This school year is just about over in Iowa, but for those who cook the lunches every day for the kids, they’re already looking forward to some changes that’ll be in place next year.
The president of the School Nutrition Association of Iowa, Judy Lubben of Le Mars, says the new U.S. Agriculture Secretary made some changes the industry requested.
“With these changes, I hope our kids will start eating a little better,” Lubben says. Lubben says one of the biggest issues has been the requirement for the type of bread they could serve.
“We used to be 50 percent whole grain, and now we’ve gone to 100 percent whole grain. Now we can get exemptions for that,” Lubben says, “so we can fit in the product that actually the kids will like and we know that they are going to eat. We can write in and get it exempt, so we know that we can get that product in.” Another change involves an old favorite — chocolate milk.
“He wants to do a one percent chocolate milk, which is awesome. Right now we do a fat free,” Lubben says. She says another item that the students probably won’t notice is postponing the rule requiring them to lower the amount of sodium in the food. The new standards were championed by former First Lady Michelle Obama in an effort to make school lunches healthier.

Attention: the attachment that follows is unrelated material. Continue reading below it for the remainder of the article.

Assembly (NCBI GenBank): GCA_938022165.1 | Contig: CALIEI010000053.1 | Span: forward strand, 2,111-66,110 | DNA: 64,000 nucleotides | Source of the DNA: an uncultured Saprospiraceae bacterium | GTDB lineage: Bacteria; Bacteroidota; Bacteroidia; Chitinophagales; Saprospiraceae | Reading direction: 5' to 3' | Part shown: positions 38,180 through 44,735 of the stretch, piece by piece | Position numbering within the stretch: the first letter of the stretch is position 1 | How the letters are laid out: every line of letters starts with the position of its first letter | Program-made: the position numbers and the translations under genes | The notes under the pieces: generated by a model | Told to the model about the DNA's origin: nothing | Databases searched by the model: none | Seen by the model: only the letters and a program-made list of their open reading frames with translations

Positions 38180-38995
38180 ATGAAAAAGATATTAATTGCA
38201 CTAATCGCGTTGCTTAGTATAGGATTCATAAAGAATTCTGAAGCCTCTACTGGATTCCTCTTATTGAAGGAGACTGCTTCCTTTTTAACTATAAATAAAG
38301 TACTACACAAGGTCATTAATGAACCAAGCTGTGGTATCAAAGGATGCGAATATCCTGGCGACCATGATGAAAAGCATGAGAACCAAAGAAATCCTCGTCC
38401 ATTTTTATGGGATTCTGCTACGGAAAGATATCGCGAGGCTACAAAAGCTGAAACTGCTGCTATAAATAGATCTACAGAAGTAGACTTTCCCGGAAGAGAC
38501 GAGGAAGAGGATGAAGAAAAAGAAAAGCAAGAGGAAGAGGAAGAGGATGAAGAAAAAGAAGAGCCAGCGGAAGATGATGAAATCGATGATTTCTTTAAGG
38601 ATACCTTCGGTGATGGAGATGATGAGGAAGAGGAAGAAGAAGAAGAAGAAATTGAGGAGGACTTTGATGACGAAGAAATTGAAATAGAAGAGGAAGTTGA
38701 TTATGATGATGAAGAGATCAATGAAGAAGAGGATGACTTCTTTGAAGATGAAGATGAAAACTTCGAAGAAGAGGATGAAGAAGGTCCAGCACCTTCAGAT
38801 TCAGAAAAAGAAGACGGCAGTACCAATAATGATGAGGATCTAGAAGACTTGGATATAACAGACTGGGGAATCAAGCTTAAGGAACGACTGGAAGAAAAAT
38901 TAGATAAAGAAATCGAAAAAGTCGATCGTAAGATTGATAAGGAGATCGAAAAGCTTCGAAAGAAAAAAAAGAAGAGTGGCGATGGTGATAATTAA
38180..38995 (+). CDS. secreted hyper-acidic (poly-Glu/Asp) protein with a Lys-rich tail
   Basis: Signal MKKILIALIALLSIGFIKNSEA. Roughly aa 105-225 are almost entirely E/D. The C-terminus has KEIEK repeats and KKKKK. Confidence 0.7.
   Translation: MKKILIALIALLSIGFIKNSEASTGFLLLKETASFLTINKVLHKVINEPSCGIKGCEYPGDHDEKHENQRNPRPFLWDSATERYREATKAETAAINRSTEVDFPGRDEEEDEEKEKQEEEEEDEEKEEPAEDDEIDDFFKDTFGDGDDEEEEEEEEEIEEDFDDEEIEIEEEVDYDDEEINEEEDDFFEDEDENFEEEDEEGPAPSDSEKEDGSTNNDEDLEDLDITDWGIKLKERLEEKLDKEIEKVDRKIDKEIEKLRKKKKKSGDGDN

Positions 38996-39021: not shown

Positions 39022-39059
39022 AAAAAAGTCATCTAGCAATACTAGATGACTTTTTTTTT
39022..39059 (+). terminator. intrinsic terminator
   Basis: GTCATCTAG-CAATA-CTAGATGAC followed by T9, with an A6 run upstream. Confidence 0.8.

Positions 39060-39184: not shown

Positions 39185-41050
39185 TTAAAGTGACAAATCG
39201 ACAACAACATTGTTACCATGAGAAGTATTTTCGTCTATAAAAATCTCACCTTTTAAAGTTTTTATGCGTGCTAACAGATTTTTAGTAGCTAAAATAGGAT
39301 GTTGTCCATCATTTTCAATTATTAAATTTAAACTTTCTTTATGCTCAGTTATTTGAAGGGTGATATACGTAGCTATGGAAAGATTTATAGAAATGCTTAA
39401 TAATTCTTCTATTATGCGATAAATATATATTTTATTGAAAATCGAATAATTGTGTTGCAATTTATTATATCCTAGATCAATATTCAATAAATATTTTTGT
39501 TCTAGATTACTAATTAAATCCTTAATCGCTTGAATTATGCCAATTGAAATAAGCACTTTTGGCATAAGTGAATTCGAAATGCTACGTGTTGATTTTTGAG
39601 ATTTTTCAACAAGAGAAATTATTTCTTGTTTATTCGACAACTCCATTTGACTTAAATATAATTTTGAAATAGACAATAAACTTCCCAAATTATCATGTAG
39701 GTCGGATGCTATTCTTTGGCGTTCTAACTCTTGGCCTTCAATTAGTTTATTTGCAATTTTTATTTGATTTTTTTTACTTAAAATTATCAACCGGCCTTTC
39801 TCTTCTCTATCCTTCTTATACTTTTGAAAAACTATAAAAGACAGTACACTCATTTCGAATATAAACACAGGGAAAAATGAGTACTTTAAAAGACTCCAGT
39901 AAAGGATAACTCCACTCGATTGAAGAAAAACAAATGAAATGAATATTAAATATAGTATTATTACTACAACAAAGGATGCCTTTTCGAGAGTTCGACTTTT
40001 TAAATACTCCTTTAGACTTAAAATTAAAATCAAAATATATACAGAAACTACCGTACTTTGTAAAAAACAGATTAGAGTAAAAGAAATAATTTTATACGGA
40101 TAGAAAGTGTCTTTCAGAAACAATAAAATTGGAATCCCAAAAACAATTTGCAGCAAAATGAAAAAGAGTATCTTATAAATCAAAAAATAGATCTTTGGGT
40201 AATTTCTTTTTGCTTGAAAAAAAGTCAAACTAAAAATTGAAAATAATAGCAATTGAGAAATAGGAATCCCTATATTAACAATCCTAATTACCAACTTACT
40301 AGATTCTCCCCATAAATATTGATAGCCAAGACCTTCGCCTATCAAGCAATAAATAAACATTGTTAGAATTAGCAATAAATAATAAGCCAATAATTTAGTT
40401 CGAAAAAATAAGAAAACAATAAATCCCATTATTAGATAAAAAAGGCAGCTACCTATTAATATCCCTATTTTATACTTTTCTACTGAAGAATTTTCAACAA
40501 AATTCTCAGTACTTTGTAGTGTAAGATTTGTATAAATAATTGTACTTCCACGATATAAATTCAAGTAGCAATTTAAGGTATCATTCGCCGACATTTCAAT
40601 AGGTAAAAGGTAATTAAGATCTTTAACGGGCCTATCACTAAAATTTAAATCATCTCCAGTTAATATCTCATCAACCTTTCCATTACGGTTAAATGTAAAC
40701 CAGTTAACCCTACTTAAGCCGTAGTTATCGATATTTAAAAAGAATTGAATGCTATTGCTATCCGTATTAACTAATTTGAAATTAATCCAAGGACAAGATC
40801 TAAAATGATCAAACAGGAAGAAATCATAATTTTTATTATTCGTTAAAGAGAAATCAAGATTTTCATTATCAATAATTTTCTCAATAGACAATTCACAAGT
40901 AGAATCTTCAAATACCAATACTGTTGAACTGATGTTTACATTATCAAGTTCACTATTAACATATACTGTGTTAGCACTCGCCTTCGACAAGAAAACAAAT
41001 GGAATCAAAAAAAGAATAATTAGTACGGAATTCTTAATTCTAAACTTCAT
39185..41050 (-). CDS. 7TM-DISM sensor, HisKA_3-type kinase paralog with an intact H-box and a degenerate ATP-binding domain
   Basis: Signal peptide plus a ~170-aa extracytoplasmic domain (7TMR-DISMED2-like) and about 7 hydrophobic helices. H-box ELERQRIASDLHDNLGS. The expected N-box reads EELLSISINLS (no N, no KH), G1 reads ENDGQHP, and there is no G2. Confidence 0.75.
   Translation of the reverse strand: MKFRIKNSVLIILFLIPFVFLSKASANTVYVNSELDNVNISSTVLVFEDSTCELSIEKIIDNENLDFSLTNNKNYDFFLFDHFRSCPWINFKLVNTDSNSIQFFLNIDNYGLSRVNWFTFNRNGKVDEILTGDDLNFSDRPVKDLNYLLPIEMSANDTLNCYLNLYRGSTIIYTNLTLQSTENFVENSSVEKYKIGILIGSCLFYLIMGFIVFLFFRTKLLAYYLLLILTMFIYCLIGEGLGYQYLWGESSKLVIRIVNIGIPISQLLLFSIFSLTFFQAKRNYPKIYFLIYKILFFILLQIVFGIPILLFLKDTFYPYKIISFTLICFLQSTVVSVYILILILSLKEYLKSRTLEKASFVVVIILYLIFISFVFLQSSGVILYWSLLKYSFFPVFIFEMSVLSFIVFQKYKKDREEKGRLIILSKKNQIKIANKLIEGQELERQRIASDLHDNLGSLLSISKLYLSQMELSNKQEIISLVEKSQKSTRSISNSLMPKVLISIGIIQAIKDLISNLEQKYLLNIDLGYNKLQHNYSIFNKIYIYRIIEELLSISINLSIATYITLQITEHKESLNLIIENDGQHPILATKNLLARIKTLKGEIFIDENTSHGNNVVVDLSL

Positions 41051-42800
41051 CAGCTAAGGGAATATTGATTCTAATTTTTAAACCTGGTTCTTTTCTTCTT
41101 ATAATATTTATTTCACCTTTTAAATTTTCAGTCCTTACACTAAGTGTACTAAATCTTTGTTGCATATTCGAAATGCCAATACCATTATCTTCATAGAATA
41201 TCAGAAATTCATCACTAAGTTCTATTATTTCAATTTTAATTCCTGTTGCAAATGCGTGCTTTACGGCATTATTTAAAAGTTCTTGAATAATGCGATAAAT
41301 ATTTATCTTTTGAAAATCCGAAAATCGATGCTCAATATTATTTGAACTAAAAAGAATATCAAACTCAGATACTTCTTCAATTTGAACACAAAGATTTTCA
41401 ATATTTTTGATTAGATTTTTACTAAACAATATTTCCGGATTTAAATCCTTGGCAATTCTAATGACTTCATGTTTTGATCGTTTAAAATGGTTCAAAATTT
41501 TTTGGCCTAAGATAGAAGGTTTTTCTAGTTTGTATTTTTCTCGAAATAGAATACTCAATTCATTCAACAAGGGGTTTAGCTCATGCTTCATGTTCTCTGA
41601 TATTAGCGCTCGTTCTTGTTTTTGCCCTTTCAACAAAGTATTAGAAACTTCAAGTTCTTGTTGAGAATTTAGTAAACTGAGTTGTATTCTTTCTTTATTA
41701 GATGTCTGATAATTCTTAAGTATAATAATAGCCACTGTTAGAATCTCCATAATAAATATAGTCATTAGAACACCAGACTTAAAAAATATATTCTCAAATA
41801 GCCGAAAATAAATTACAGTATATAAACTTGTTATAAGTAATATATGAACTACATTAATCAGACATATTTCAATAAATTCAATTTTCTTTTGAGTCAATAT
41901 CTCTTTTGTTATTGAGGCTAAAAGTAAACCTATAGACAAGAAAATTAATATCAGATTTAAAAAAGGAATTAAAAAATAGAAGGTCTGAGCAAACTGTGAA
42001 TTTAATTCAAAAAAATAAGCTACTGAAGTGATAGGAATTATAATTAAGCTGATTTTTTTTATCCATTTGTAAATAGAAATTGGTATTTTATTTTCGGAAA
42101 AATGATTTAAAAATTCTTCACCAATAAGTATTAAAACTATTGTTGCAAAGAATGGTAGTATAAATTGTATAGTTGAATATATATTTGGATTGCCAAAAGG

Lubben pushed for the changes implemented by the new administration, and says they still want to provide healthy lunches, but she says they want to make changes in a way that the students accept. She cites the whole grain bread issue as an example.
“They’re not saying that we should not serve the whole grain and that we don’t want to serve the whole grain — it’s giving our industry the time to get it ready,” according to Lubben. “It takes time for the industry to create products for us. And each year since we’ve seen since they changed this, the products that they’ve come out with have been great.”
Lubben says the association has heard from a lot of districts about kids throwing away food. She says that problem is not always because the kids don’t like the food. “Sometimes it’s because we’ve offered the wrong sizes. You know our smaller kids don’t eat all the fruit and vegetables that they need. We are just trying to get it so that we are not wasting food. We are trying to give them a choice and this is going to help us,” Lubben says.
Lubben says the federal changes in the program give them more flexibility to adapt to what works best for the students. She hopes to be able to tell the U.S.D.A. that the changes have worked.
“We’re hoping that now with this we can give them feedback with numbers that will be coming back that our kids are going to be eating a little bit more,” Lubben says.
The School Nutrition Association of Iowa will hold its annual conference in June and members will talk about the changes as they look ahead to the 2017-2018 school year.